Unlike many ski towns that have a certain poured-concrete 1970s look to them, Breckenridge has lots of history, and actively works to preserve it. Gold was discovered here in 1859 and the mostly uninhabited village at the base of Breckenridge Mountain became a rough-and-tumble boom town. That sensibility endures in its downtown: Many of the buildings of the pioneer era are preserved—many are now home to local boutiques, galleries, and restaurants—and beloved. Now a popular ski resort (including cross-country skiing and snowboarding) Breckenridge is, of course, a prime winter destination, but the “off” seasons are just as magical, and the town is host to great events like the Spring Beer Festival every April.
Traverse City, Michigan
If it’s an untrammeled lakeside escape you seek, then head to beautiful Traverse City. So named for its port at the very south of the Grand Traverse Bay, it is a popular summertime getaway for city-dwellers in the Midwest, though four-season outdoor activities beckon. However, just because it’s pretty much the epitome of “Pure Michigan” (the state’s tourism motto) doesn’t mean that Traverse City lacks sophistication. Mario Batali has called it a “modern gastro-paradise”; the region produces the most tart cherries in the country (the annual July National Cherry Festival is a real treat). The area is also home to some notable wineries, and its craft-beer makers are top rate.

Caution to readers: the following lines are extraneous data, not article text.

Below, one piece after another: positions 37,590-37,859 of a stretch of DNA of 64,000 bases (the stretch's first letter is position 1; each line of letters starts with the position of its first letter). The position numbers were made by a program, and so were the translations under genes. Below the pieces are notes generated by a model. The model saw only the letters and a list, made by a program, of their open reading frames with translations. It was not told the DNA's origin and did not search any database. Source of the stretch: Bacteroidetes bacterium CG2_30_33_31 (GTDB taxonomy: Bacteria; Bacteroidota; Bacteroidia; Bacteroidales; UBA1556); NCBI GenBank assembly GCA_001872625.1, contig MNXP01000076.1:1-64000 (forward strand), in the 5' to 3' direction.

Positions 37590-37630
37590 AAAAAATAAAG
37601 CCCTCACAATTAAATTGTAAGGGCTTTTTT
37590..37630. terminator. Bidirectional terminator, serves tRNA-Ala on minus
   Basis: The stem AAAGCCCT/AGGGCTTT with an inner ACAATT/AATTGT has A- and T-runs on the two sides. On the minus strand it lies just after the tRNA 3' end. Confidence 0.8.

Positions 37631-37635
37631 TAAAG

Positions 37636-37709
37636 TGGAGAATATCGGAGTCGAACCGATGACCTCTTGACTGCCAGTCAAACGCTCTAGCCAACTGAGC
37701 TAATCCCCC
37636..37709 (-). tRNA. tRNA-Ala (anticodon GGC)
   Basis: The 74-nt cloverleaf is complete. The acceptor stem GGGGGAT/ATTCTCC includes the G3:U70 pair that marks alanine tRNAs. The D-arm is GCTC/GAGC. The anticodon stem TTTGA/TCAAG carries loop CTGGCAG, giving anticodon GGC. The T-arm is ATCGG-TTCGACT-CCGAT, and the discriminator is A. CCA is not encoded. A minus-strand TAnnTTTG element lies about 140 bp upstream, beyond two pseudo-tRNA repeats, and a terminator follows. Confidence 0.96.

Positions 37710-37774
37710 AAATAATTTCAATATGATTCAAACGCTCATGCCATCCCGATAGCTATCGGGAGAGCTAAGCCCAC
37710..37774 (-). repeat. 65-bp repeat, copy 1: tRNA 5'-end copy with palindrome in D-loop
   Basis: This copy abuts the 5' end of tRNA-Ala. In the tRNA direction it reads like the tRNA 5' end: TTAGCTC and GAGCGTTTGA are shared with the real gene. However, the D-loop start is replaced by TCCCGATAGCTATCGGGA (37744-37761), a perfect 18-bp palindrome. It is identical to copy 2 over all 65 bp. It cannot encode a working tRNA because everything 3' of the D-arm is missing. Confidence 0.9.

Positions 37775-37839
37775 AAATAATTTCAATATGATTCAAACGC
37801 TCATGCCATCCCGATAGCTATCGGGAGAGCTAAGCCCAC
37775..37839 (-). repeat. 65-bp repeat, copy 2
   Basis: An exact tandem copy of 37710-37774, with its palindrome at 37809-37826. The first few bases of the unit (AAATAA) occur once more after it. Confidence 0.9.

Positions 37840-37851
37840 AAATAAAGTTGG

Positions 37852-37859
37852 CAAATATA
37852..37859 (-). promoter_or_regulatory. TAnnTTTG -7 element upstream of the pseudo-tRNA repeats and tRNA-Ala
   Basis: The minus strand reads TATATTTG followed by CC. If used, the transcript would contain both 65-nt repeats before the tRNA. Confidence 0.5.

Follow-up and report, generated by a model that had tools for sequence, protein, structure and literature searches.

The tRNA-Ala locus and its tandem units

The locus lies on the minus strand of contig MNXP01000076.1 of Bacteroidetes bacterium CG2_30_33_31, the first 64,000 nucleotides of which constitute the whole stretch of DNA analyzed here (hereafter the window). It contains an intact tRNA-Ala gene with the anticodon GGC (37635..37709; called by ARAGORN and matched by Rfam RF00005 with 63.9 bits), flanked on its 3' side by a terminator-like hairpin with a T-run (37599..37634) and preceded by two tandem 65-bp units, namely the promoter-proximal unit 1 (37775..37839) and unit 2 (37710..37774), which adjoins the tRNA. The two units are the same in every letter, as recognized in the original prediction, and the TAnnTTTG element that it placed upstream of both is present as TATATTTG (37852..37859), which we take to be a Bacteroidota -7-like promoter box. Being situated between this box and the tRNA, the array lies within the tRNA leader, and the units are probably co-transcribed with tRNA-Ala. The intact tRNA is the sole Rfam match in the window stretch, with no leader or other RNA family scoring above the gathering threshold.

This classic New England seaside town is so picture-perfect that it was the primary filming location for the 1957 movie about a seemingly idyllic town, Peyton Place. The motto of Camden has long been “Where the mountains meet the sea,” and indeed, Mount Battie and Bald Mountain rise up above the harbor and the village, and a hike to the top of the former will reward you with a stellar view. Though most of the village’s commerce is aimed squarely at tourists, there are some gems; boutique hotel Whitehall is a white-clapboard beauty, and its restaurant, Pig + Poet, manned by chef Dirk Yeaton, sources fresh ingredients from nearby farms.